Gastrointestinal side effects associated with acetaminophen were rare except in alcoholics and after overdose. Nausea, vomiting, and diarrhea have been reported with ordinary doses of acetaminophen. Acetaminophen may precipitate acute biliary pain and cholestasis. Cases of acute pancreatitis have been reported rarely. Nausea, vomiting, constipation, abdominal distress, anorexia, dry mouth, biliary tract spasm, and diarrhea have been reported with pentazocine.

One study has suggested that acetaminophen may precipitate acute biliary pain and cholestasis. The mechanism of this effect may be related to inhibition of prostaglandin and alterations in the regulation of the sphincter of Oddi.

Hepatic

Hepatic side effects associated with acetaminophen have included hepatic dysfunction which may occur after overdose. In this setting, severe and sometimes fatal dose-dependent hepatitis has been reported. Several cases of hepatotoxicity from chronic acetaminophen therapy at therapeutic doses have also been reported despite a lack of risk factors for toxicity. Hepatotoxicity, reactive plasmacytosis, and agranulocytosis followed by a leukemoid reaction have been reported after acute acetaminophen toxicity.

Hepatotoxicity may be increased by thyroid drugs, zidovudine, fasting, or alcohol use.

Alcoholic patients may develop hepatotoxicity after even modest doses of acetaminophen. In healthy patients, approximately 15 grams of acetaminophen is necessary to deplete liver glutathione stores by 70% in a 70 kg person. Hepatotoxicity has been reported following smaller doses. Glutathione concentrations may be repleted by the antidote N-acetylcysteine. One case report has suggested that hypothermia may also be beneficial in decreasing liver damage during overdose.

In a recent retrospective study of 306 patients admitted for acetaminophen overdose, 6.9% had severe liver injury but all recovered. None of the 306 patients died.

A 19-year-old female developed hepatotoxicity, reactive plasmacytosis, and agranulocytosis followed by a leukemoid reaction after acute acetaminophen toxicity.

Hematologic

A 19-year-old female developed hepatotoxicity, reactive plasmacytosis, and agranulocytosis followed by a leukemoid reaction after acute acetaminophen toxicity.

Hematologic side effects associated with acetaminophen have included rare cases of thrombocytopenia. Methemoglobinemia with resulting cyanosis has also been observed in the setting of acute overdose. Hepatotoxicity, reactive plasmacytosis, and agranulocytosis followed by a leukemoid reaction have been reported after acute acetaminophen toxicity. Depression of white blood cells (especially granulocytes) with rare cases of agranulocytosis, which is usually reversible, and moderate transient eosinophilia have been reported with pentazocine.

Hypersensitivity

Hypersensitivity side effects associated with acetaminophen have included rare reports of anaphylaxis and fixed drug eruptions. A few cases of acetaminophen hypersensitivity (as manifested by anaphylaxis, angioneurotic edema, skin rashes, thrombocytopenic purpura, and rarely hemolytic anemia and agranulocytosis) have been reported. Rash, urticaria, edema of the face, anaphylactic shock, dermatitis including pruritus, flushed skin including plethora, and in at least one case, an apparent anaphylactic reaction have been reported with pentazocine.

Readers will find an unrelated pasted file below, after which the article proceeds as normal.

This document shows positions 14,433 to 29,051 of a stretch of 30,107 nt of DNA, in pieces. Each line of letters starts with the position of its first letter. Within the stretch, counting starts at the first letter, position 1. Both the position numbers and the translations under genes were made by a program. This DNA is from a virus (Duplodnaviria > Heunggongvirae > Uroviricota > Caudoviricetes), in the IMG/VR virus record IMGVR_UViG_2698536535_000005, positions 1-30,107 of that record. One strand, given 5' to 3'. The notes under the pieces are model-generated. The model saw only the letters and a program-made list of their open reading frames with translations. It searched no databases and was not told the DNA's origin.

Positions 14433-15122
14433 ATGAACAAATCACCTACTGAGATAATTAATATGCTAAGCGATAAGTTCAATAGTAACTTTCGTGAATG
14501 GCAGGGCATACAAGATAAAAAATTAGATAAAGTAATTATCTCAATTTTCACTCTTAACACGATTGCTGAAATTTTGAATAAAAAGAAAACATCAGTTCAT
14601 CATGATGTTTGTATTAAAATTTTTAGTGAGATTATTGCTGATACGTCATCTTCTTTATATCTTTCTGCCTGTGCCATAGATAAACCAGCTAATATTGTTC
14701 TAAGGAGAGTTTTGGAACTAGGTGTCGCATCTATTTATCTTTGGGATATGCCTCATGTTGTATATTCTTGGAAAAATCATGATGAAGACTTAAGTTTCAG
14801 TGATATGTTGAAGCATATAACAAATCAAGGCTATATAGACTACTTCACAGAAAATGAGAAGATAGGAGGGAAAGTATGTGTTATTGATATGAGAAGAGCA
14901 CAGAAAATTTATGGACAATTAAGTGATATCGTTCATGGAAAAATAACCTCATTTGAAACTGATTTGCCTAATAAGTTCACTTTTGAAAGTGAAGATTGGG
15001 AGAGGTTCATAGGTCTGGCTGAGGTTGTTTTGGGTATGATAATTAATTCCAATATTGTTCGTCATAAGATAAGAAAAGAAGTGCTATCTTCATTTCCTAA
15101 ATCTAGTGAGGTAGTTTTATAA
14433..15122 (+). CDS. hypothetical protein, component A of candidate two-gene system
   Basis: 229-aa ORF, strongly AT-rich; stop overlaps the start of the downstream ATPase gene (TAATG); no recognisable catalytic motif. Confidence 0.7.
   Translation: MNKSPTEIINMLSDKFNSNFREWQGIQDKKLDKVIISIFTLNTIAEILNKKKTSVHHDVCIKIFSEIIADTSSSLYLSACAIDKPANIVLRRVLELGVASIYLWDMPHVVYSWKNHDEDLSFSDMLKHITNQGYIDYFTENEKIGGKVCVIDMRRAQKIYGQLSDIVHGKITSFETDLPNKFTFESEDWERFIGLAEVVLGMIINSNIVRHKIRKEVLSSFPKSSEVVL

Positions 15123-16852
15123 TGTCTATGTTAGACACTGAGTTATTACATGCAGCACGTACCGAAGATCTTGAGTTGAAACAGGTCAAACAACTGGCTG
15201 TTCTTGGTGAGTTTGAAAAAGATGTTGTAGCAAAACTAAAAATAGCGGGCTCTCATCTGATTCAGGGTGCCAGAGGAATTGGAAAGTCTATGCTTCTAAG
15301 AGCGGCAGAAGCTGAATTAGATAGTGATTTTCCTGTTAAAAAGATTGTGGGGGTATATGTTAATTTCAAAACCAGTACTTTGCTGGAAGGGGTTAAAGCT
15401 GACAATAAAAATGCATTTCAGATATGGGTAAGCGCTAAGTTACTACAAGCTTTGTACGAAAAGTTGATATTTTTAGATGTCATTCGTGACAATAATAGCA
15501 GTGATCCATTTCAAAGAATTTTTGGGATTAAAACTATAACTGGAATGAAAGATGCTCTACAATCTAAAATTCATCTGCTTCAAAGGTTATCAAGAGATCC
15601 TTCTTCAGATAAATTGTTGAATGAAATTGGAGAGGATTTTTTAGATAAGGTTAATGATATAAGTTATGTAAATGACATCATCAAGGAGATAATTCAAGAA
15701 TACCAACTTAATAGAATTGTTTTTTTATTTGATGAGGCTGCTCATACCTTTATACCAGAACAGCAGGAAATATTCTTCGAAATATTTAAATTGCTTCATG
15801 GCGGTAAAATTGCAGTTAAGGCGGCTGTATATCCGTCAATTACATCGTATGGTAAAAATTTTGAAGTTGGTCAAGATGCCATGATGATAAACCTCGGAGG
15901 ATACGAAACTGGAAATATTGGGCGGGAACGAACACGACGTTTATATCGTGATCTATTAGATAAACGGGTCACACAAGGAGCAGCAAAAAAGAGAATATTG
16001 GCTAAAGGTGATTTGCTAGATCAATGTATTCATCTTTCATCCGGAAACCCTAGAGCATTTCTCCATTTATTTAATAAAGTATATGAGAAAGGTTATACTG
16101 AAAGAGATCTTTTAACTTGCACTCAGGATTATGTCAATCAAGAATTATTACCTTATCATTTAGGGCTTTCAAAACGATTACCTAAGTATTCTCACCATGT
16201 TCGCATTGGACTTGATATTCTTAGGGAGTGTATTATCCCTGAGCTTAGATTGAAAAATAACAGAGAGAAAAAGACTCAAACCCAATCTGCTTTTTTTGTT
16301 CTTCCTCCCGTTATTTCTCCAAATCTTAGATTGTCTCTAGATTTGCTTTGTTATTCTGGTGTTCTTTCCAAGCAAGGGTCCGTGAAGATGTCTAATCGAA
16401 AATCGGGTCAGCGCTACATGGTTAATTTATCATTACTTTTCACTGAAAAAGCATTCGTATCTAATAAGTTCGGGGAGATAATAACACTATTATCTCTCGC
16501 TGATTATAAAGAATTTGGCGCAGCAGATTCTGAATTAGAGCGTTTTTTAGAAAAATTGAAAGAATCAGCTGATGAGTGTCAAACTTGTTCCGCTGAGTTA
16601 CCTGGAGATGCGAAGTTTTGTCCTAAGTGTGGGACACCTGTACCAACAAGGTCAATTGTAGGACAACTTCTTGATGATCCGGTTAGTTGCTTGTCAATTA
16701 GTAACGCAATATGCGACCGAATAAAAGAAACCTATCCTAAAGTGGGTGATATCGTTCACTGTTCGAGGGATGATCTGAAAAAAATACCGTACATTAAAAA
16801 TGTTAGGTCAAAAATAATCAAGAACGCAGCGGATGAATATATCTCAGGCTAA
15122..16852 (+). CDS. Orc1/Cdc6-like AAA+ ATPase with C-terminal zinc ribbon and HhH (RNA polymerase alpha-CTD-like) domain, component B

Renal

Renal side effects associated with acetaminophen have been reported rarely and have included acute tubular necrosis and interstitial nephritis. Additional adverse renal effects were most often observed after overdose, after chronic abuse (often with multiple analgesics), or in association with acetaminophen-related hepatotoxicity. A possible increased risk of renal cell carcinoma has been associated with chronic acetaminophen use. A recent case-control study of patients with end-stage renal disease suggested that long term consumption of acetaminophen may significantly increase the risk of end-stage renal disease, particularly in patients taking more than two tablets per day.

Acetaminophen-related acute tubular necrosis usually occurred in conjunction with liver failure, but has been observed as an isolated finding in rare cases.

Respiratory

Respiratory side effects associated with acetaminophen have included a case of eosinophilic pneumonia. Respiratory depression has been reported with pentazocine.

Psychiatric

Psychiatric side effects associated with pentazocine have included euphoria, depression, irritability, and disturbed dreams. Dependence and withdrawal symptoms have been reported with pentazocine.

Other

Other side effects associated with pentazocine have included sweating, flushing, and chills.

Genitourinary

Genitourinary side effects associated with pentazocine have included urinary retention and alterations in rate or strength of uterine contractions during labor.

Ocular

Ocular side effects associated with pentazocine have included miosis, visual blurring, and focusing difficulty.

More about Talacen (acetaminophen / pentazocine)

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Disclaimer: Every effort has been made to ensure that the information provided is accurate, up-to-date and complete, but no guarantee is made to that effect. In addition, the drug information contained herein may be time sensitive and should not be utilized as a reference resource beyond the date hereof. This material does not endorse drugs, diagnose patients, or recommend therapy. This information is a reference resource designed as supplement to, and not a substitute for, the expertise, skill , knowledge, and judgement of healthcare practitioners in patient care. The absence of a warning for a given drug or combination thereof in no way should be construed to indicate safety, effectiveness, or appropriateness for any given patient. Drugs.com does not assume any responsibility for any aspect of healthcare administered with the aid of materials provided. The information contained herein is not intended to cover all possible uses, directions, precautions, warnings, drug interactions, allergic reactions, or adverse effects. If you have questions about the substances you are taking, check with your doctor, nurse, or pharmacist.